WHERE  address_id = a.id AND 
                      (cat = 'aa' and subcat = 'xx'));

Result:

+----+------+--------------------+-------------+--------------+---------------------+
| id | name | email              | countryCode | languageCode | timestamp           |
+----+------+--------------------+-------------+--------------+---------------------+
|  1 |      | dummy@test.com     | BE          | nl           | 2010-07-16 14:07:00 |
|  2 |      | test@somewhere.com | BE          | fr           | 2010-07-16 14:10:25 |
+----+------+--------------------+-------------+--------------+---------------------+
2 rows in set (0.00 sec)

For the second example, we're testing for the new row added previously in order not to have the same result as above:

SELECT * 
FROM   address a 
WHERE  EXISTS (SELECT id 
               FROM   interests 
               WHERE  address_id = a.id AND 
                      (cat = 'aa' and subcat = 'xx')) AND
       EXISTS (SELECT id 
               FROM   interests 
               WHERE  address_id = a.id AND 
                      (cat = 'aa' and subcat = 'vv'));

Result:

+----+------+--------------------+-------------+--------------+---------------------+
| id | name | email              | countryCode | languageCode | timestamp           |
+----+------+--------------------+-------------+--------------+---------------------+
|  2 |      | test@somewhere.com | BE          | fr           | 2010-07-16 14:10:25 |
+----+------+--------------------+-------------+--------------+---------------------+
1 row in set (0.00 sec)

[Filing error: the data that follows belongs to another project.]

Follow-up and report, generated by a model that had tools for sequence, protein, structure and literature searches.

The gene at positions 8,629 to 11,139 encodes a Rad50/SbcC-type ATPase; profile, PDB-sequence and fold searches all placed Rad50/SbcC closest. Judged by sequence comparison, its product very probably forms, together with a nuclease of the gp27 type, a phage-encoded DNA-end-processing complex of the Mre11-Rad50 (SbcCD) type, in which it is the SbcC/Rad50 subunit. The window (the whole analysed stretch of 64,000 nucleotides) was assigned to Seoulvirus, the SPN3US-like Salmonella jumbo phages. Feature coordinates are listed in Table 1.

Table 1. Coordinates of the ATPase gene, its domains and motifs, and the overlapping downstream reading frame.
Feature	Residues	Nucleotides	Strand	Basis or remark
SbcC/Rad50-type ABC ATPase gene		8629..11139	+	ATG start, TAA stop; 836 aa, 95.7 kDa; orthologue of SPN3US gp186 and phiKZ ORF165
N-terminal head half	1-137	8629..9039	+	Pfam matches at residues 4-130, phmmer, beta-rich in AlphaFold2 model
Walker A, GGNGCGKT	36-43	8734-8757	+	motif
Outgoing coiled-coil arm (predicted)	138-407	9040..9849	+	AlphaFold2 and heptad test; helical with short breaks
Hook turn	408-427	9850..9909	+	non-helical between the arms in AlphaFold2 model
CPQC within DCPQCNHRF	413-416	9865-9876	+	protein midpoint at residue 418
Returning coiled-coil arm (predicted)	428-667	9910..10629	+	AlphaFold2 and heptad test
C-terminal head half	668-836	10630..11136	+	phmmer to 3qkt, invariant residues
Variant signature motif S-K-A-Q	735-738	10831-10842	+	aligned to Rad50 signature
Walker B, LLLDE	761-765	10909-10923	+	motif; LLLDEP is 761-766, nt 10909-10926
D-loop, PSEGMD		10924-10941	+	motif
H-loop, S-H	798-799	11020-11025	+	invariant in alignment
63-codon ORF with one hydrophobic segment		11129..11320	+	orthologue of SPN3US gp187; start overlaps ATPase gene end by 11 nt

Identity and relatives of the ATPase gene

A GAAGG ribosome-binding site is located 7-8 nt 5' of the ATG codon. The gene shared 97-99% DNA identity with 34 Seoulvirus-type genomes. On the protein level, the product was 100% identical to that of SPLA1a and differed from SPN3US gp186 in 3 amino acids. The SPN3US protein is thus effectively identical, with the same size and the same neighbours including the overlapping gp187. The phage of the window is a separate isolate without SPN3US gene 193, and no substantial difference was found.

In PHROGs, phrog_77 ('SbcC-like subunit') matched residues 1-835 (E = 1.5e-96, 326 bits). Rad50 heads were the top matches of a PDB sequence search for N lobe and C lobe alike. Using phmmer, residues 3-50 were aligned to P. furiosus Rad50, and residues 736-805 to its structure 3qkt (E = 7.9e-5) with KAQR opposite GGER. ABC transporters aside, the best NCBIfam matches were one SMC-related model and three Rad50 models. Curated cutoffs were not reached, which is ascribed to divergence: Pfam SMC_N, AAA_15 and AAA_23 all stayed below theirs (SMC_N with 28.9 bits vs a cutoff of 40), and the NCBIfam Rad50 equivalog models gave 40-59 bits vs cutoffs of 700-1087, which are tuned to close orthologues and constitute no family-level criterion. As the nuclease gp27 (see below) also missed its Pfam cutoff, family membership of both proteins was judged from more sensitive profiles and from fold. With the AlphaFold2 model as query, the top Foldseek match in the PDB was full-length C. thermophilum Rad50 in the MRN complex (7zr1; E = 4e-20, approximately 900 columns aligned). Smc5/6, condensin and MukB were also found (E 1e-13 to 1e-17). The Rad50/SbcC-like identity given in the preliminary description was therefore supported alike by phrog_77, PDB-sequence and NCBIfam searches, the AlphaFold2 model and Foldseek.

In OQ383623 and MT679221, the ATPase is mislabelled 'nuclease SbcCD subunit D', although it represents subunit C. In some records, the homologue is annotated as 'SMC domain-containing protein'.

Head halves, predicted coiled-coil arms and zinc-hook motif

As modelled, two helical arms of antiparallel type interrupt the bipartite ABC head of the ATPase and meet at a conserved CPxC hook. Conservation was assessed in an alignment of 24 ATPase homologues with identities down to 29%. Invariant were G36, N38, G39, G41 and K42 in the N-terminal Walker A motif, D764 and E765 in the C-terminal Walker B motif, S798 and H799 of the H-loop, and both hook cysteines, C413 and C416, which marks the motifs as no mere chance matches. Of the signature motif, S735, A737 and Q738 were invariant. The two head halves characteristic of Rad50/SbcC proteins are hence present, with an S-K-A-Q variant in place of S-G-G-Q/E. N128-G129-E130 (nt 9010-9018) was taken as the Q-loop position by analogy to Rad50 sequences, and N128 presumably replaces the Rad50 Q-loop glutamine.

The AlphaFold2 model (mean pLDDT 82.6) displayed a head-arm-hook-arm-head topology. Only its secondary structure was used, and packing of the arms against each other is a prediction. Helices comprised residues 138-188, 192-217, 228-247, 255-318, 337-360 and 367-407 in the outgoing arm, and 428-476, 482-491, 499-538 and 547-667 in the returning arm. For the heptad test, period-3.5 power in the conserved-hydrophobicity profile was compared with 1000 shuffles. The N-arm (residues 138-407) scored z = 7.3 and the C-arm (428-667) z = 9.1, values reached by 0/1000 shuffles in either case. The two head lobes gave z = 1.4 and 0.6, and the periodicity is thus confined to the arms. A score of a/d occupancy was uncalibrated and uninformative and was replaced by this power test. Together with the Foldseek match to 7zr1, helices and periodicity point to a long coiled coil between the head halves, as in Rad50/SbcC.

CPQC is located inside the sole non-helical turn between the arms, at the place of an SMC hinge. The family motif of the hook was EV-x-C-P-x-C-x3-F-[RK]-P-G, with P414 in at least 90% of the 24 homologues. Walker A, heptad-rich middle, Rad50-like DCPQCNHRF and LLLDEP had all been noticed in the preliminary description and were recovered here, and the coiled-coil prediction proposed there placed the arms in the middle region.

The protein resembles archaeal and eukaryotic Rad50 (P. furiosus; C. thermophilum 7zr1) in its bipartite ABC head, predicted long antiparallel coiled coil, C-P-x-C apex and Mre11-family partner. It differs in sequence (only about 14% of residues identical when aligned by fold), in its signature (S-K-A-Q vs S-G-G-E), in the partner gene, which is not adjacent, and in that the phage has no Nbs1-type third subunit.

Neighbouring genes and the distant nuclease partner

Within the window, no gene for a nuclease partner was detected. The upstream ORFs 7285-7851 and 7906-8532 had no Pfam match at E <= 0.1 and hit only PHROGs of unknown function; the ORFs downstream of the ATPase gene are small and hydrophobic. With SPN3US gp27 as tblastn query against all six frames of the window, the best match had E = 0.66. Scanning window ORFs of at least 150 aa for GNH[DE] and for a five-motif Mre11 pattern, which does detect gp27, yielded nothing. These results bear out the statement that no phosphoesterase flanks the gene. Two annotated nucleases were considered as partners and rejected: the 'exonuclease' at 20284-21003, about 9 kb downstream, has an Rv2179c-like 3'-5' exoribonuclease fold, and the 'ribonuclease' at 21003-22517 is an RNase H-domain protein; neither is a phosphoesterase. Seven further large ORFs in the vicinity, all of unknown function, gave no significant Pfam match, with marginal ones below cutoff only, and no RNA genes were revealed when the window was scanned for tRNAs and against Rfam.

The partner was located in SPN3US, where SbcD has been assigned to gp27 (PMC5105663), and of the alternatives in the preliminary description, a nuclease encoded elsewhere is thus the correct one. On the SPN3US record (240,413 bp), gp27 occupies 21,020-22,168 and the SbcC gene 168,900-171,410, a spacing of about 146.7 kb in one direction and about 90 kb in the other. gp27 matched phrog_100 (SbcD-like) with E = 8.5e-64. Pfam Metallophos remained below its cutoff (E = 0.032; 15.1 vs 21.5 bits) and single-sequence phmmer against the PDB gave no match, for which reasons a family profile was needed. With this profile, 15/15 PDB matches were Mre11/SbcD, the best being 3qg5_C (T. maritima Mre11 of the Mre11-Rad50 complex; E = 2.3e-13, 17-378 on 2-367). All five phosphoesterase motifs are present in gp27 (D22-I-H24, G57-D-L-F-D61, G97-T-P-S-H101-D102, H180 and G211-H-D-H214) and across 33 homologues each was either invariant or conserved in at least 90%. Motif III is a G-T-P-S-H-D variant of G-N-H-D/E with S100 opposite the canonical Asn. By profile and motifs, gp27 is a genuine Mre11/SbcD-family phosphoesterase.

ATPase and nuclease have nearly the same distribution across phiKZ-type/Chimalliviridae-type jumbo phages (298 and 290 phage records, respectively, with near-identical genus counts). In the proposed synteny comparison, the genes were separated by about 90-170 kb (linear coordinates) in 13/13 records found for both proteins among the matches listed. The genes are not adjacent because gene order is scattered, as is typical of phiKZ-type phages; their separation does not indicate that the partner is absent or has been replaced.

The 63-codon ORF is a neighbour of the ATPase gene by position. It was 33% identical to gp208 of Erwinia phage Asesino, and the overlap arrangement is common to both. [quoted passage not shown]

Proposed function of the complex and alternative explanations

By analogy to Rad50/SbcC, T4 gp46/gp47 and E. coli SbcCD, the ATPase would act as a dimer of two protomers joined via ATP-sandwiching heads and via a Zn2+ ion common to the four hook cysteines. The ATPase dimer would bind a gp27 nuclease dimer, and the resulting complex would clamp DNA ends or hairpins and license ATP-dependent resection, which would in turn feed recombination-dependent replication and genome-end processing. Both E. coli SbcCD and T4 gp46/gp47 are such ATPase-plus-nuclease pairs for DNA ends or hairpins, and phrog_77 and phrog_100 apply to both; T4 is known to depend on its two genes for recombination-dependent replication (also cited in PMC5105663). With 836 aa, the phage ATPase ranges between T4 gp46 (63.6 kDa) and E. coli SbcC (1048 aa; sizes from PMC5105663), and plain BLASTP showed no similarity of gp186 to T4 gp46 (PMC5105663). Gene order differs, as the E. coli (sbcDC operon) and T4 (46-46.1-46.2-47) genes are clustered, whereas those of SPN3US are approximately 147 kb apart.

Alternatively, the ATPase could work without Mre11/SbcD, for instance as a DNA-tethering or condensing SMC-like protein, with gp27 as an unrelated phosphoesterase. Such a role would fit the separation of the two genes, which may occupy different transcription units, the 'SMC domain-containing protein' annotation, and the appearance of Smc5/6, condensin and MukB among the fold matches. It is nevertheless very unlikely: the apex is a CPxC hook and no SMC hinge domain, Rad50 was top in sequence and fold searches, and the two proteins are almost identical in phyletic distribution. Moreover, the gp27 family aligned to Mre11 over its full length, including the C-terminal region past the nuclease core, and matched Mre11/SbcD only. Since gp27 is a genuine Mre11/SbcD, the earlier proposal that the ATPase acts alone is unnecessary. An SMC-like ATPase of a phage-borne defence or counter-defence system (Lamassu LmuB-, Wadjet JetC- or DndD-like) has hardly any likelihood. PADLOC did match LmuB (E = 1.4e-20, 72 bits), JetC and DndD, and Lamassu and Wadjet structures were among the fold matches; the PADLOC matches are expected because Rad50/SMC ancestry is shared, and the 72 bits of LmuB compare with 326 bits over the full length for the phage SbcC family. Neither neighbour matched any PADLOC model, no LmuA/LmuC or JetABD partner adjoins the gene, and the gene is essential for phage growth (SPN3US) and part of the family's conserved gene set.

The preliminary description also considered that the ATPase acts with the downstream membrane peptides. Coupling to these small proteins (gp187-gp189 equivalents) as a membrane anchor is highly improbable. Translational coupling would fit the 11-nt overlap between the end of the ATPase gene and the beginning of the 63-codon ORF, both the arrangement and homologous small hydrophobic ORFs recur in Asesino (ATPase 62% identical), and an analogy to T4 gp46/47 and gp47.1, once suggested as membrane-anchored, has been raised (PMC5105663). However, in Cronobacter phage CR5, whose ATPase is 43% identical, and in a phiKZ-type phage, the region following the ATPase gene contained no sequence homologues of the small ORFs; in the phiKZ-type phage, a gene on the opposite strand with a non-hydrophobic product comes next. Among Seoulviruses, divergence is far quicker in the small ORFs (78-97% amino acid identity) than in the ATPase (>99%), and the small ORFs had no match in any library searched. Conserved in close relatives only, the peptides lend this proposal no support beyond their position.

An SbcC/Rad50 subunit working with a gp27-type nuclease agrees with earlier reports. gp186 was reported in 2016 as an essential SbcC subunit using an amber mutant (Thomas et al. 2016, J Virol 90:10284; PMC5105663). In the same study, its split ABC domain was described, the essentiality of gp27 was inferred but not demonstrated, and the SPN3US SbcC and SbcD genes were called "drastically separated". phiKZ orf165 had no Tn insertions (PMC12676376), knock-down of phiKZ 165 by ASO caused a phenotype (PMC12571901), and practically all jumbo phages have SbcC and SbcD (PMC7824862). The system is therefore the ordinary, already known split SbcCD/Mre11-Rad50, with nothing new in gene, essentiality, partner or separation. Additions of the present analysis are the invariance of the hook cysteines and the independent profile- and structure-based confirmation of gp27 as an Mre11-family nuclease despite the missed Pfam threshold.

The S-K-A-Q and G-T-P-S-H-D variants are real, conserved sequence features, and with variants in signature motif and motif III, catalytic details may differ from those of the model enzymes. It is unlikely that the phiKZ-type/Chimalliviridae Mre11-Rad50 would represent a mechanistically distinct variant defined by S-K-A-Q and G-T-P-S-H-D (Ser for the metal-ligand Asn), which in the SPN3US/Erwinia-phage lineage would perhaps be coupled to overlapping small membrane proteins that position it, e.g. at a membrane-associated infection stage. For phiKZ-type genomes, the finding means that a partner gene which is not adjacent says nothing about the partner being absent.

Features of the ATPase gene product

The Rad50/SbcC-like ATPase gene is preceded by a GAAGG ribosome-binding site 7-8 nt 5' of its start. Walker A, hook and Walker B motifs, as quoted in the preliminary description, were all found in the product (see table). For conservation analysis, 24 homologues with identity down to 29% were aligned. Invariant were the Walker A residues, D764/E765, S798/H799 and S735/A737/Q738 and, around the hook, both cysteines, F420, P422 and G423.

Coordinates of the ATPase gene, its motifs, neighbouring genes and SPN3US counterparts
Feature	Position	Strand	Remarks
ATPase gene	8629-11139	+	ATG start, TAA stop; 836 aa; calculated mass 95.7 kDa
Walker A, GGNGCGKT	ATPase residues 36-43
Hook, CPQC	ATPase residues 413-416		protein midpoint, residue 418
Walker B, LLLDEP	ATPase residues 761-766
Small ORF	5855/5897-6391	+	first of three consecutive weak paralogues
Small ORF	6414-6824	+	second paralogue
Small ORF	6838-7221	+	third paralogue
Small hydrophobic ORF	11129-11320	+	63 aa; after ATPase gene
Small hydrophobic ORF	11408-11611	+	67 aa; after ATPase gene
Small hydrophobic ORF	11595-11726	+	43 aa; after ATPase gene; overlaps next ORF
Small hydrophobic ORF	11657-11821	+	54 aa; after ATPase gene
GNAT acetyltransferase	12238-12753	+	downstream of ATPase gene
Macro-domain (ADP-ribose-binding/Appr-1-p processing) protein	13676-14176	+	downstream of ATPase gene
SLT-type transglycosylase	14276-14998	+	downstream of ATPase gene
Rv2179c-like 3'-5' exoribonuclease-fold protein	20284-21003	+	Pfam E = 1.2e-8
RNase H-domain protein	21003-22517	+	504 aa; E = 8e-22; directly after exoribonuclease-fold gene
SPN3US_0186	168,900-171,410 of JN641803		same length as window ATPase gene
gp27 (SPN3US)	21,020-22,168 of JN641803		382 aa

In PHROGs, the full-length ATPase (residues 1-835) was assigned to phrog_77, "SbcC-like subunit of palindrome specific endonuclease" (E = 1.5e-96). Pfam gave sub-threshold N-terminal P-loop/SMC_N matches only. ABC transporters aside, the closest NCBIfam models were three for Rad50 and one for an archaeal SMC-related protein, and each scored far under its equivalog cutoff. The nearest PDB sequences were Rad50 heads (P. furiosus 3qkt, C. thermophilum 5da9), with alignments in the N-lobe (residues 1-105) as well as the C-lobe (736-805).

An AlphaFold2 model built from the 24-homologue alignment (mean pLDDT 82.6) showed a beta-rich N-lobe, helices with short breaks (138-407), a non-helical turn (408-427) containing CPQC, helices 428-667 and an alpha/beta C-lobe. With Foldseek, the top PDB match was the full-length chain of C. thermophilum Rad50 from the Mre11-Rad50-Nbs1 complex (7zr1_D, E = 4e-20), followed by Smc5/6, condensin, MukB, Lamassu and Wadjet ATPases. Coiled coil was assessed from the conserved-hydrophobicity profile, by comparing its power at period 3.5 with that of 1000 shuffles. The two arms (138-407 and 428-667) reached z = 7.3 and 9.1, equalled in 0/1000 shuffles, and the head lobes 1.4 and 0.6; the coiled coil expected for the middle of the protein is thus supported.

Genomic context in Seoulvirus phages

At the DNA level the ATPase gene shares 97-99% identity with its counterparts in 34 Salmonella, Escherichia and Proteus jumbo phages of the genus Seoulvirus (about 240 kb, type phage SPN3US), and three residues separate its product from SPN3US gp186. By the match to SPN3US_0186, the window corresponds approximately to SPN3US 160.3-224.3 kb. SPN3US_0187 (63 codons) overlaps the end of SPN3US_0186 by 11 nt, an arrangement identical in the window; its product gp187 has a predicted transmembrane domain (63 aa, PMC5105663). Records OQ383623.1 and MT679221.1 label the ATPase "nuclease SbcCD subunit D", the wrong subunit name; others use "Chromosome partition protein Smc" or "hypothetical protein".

Using correlated subqueries is easy and straightforward. However keep in mind that it might not be the best in terms of performance, because the correlated subqueries will be executed once for each address in the outer query.

share|improve this answer
    
Cheers for your elaborate answer. In a way, this is what I've been doing through Zend. For each address check if the condition is met through the findDependentRowset. But the tables are too large for this, or better said, the total of the queries takes to long. –  Peter Jul 27 '10 at 7:36
    
Correction, this is remarkably faster than the findDependentRowset. I've run a few tests, both with AND and OR constructions and they show a quite workable performance, at least on my current development DB. I'm off to a meeting now but will test this further later on. This might very well be the solution for me. –  Peter Jul 27 '10 at 8:12
SELECT a.name FROM address a
INNER JOIN interests i ON (a.id = i.address_id)
WHERE i.cat = "aa" AND i.subcat IN ('xx', 'yy')
share|improve this answer
    
Neat and fast, thanks! If I'm seeing this right, this will result in all the addresses that have either the aa/xx OR the aa/yy combo. But what if I want the ones with aa/xx AND aa/yy? How to go about throwing another cat in the mix? Would this be the proper way: SELECT a.name FROM address a INNER JOIN interests i ON (a.id = i.address_id) WHERE ( i.cat = "aa" AND i.subcat IN ('xx', 'yy') ) OR ( i.cat = "bb" AND i.subcat IN ('zz','ww') ) –  Peter Jul 27 '10 at 7:42